Saturday, October 22, 2016

What a new shopping center says about the East L.A. economy

The mostly empty Whittier Place | C.j. Salgado

Whittier Place is only about half leased | C.J. Salgado


EAST LOS ANGELES — While the national economy seems to be growing at a healthy rate,  the economy appears to be a mixed bag in East L.A.. Take for example Whittier Place, a brand new strip shopping center on Whittier Boulevard.  Palm trees have been planted and the parking lot lines have been freshly painted. But of the 18 spaces up for lease, only about half are occupied so far, with tenants skewed to the big corporate chains.

With gas prices and inflation at low levels, you’d think things would be quite rosy for businesses as consumers gain additional spending money. But across the street from Whittier Place is a failed business, a reminder of the harshness and riskiness of retail life on this iconic boulevard in East L.A. That business was once a long-standing tuxedo rental store, which became a discount store during the recession, and now stands vacant with a “bank owned, for sale” sign.

In a community with many mom-and-pop businesses, both legitimate and underground,  Whittier Place seems geared for a different type of tenant.  The shopping center’s  features – like high street visibility, appealing design, dense demographics, and ample parking – sound inviting.  Mom and pops beware, though. No hair or nail salons here. There are no bakeries, no mini markets … at least not yet.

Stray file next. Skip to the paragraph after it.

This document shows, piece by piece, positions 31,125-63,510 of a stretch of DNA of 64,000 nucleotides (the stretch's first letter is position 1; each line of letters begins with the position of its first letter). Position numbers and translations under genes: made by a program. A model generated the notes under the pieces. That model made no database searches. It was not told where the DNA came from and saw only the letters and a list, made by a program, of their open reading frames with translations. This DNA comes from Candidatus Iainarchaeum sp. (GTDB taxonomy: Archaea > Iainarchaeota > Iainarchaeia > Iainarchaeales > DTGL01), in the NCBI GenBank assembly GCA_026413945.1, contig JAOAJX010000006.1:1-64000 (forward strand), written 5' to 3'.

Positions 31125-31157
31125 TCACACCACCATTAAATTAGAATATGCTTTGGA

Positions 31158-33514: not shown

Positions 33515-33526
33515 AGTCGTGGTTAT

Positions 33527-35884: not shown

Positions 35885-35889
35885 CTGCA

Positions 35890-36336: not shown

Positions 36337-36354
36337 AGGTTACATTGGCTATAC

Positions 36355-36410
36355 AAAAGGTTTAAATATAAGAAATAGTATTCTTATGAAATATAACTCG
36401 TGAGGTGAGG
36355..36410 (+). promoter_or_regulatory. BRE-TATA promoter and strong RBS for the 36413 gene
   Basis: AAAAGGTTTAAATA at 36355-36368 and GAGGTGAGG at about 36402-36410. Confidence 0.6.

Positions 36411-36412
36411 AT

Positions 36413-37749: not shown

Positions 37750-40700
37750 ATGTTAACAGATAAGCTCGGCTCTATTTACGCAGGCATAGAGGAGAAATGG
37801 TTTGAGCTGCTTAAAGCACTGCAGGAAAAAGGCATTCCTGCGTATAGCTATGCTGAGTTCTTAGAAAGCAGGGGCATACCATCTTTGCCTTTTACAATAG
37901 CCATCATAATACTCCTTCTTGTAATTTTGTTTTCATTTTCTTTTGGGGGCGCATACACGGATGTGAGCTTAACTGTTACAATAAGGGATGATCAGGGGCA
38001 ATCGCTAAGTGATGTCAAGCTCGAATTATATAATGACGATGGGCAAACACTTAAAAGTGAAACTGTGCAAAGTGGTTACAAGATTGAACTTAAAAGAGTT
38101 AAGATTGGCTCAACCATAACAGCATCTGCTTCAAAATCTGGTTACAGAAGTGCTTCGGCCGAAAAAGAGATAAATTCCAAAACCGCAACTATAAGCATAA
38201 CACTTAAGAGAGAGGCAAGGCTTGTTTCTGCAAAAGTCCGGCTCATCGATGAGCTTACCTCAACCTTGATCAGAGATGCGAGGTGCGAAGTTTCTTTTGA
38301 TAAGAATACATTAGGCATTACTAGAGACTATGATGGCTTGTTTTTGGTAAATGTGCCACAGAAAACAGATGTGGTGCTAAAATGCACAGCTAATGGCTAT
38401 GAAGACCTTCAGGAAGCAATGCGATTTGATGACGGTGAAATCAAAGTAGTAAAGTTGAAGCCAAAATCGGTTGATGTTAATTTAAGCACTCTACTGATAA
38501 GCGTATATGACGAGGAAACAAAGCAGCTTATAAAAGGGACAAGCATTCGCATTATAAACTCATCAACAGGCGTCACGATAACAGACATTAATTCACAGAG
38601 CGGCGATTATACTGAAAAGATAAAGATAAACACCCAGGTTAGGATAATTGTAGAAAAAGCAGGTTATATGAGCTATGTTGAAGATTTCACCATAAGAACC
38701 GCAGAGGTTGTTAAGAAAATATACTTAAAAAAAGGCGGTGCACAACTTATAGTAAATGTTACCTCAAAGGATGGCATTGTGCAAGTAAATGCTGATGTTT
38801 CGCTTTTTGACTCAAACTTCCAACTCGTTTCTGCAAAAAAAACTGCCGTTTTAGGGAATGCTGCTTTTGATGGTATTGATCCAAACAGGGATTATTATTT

Hailed as “one of the best new centers in East L.A,” Whittier Place so far has attracted mostly corporate tenants  –  Subway, Allstate Insurance, Fast Auto and Payday Loans – to fill its approximately 14,000 square-feet of space. With asking rents of about $2,000,  mom and pop businesses will have to be financially strong and brave to join the club and local economy at this new shopping center.

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  1. Gawd, I really hate this architectural style that seems to be ubiquitous in new development. Makes it feel like the OC. Also, they should have put the parking in the rear and the building up near the street with a wide sidewalk. Missed opportunity.

  2. Is this the place closer to Montebello? That whole block for some reason just seems dead, uninviting. These spaces feel like they’re too far from the street, maybe if the parking was built behind the stores and not in front it would attract more traffic. Also this kind of feels like it’s a the very end of the busy Whittier Blvd, kind of like a casino a few blocks after the end of the Strip.

  3. Those colors (developer orange, developer red, etc.) should be banned forthwith.

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